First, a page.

BPPA Masterclass 2020: Picking Up the Voices of Others

April 15, 2021 - April 16, 2021
Deparment of philosophy, Durham University

Durham DH1
United Kingdom

This will be an accessible event, including organized related activities

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Sponsor(s):

  • Royal Institute of Philosophy

Organisers:

Durham University
Durham University

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Dates and Location are provisional, given the unfolding situation with Covid-19: in case the situation in the UK were to be such that no travel or public gatherings were permitted or advisable, the Masterclass will be take place virtually.

Keynote Speakers:

Alessandra Tanesini (Cardiff)

Alison Phipps (Glasgow)

There is a burgeoning philosophical literature on microaggressions: the small-scale, daily intimidations and disruptions that contribute to and enact systemic injustice; that silence the voices of marginalised people; that invalidate their anger. As theorists we rightly seek to find systemic solutions to injustice, but we should arguably also be looking for micro-progressions: for small scale, localised, daily moments of micro-resistance. José Medina writes, ‘our micro-resistance to hermeneutical intimidations in micro-aggressions can not only help mitigate the negative impact of hermeneutical injustices, but it can also forge paths of hermeneutical resistance – and even insurrection! – and slowly work toward more liberating hermeneutical climates and dynamics’ (in The Routledge Handbook of Epistemic Injustice, p. 50).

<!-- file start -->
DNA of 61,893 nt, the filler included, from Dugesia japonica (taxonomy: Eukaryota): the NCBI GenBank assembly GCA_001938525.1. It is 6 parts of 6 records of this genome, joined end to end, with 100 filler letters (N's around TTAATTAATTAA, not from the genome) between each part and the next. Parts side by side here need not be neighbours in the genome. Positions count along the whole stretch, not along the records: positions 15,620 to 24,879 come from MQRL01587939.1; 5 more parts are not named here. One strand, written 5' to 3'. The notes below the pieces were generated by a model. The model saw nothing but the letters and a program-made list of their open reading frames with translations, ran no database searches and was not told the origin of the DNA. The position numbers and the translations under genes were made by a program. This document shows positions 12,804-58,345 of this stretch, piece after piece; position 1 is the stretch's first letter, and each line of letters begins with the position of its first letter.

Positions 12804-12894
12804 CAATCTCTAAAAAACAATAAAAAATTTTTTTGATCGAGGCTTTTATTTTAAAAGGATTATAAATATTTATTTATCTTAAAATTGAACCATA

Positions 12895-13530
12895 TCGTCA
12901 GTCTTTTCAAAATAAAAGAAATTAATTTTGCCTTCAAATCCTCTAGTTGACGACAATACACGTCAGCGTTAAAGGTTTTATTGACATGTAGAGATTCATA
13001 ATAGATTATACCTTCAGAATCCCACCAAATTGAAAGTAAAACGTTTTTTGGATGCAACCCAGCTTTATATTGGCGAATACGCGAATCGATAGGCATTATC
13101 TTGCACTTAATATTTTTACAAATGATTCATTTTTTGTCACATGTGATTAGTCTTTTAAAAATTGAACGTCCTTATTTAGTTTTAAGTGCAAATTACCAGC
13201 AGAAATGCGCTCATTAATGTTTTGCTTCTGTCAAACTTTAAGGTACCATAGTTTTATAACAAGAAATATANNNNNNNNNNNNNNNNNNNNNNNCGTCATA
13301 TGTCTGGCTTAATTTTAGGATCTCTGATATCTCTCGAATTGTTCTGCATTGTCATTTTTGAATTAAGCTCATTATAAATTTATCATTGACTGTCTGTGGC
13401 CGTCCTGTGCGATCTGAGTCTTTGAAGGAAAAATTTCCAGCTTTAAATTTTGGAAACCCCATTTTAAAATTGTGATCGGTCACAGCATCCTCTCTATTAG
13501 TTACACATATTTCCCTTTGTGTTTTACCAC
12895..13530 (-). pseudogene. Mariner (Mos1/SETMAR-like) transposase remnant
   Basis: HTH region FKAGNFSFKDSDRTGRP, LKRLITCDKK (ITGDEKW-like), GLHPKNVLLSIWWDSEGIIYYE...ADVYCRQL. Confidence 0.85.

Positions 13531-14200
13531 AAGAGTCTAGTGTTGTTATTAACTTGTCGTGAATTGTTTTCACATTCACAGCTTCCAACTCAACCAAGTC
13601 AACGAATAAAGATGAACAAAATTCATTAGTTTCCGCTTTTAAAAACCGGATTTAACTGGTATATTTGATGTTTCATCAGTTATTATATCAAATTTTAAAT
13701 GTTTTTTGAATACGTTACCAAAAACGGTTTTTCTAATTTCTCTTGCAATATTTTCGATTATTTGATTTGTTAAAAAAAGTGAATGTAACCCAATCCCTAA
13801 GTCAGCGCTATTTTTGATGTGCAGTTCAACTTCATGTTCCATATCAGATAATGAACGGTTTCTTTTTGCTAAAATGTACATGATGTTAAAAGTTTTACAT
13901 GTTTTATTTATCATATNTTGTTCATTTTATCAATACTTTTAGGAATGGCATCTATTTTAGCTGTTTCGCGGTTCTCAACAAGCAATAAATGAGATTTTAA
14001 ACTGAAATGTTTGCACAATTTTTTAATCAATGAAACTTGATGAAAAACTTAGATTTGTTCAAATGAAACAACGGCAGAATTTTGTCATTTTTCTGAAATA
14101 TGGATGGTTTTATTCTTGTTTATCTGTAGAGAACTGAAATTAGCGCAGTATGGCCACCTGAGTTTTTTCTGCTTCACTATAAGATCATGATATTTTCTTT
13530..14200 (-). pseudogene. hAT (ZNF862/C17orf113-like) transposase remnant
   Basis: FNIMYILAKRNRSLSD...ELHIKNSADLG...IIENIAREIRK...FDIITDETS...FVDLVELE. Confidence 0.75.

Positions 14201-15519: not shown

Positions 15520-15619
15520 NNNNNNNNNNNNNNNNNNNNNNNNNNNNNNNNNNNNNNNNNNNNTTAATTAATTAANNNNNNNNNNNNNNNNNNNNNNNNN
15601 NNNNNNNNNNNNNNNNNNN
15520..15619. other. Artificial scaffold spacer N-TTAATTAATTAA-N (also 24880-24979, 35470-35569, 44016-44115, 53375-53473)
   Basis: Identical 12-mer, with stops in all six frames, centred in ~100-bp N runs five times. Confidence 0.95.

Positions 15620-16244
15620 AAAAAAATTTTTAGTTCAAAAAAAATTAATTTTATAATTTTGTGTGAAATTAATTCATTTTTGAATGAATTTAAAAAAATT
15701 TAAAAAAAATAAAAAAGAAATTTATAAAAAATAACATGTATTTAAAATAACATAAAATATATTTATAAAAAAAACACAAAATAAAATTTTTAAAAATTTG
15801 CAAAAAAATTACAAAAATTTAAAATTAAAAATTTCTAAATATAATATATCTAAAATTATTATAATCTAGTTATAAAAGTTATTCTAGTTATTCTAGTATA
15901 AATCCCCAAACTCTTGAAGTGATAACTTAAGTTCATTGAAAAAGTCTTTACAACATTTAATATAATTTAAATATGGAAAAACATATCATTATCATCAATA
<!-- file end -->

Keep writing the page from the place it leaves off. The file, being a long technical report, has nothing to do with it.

The Micro-Progressions masterclass aims to bring together cutting-edge theorists and forward-thinking postgraduates to explore ameliorative proposals for how allies and activists can counter the effects of microaggressions. Are there small, daily things that individuals can do to un-silence people—that is, to sensitise their own hearing to pick up on the smothered and silenced voices of others? What localised hermeneutical techniques can be used to give uptake to the apt but so often invalidated anger of marginalised groups and register it as part of public discourse? The truth that the anger of marginalised groups does not often find uptake is ‘as common as dirty socks’, as Marilyn Frye put it. Similarly common is the truth that the onus is usually, but not rightly, placed on the aggrieved for educating dominant groups about the reality and effects of microaggressions. The aim for this masterclass is to explore theoretically robust ways of shifting this burden through taking responsibility for uptake of the voices and anger of others: through micro-progressions.

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April 10, 2021, 5:00pm BST

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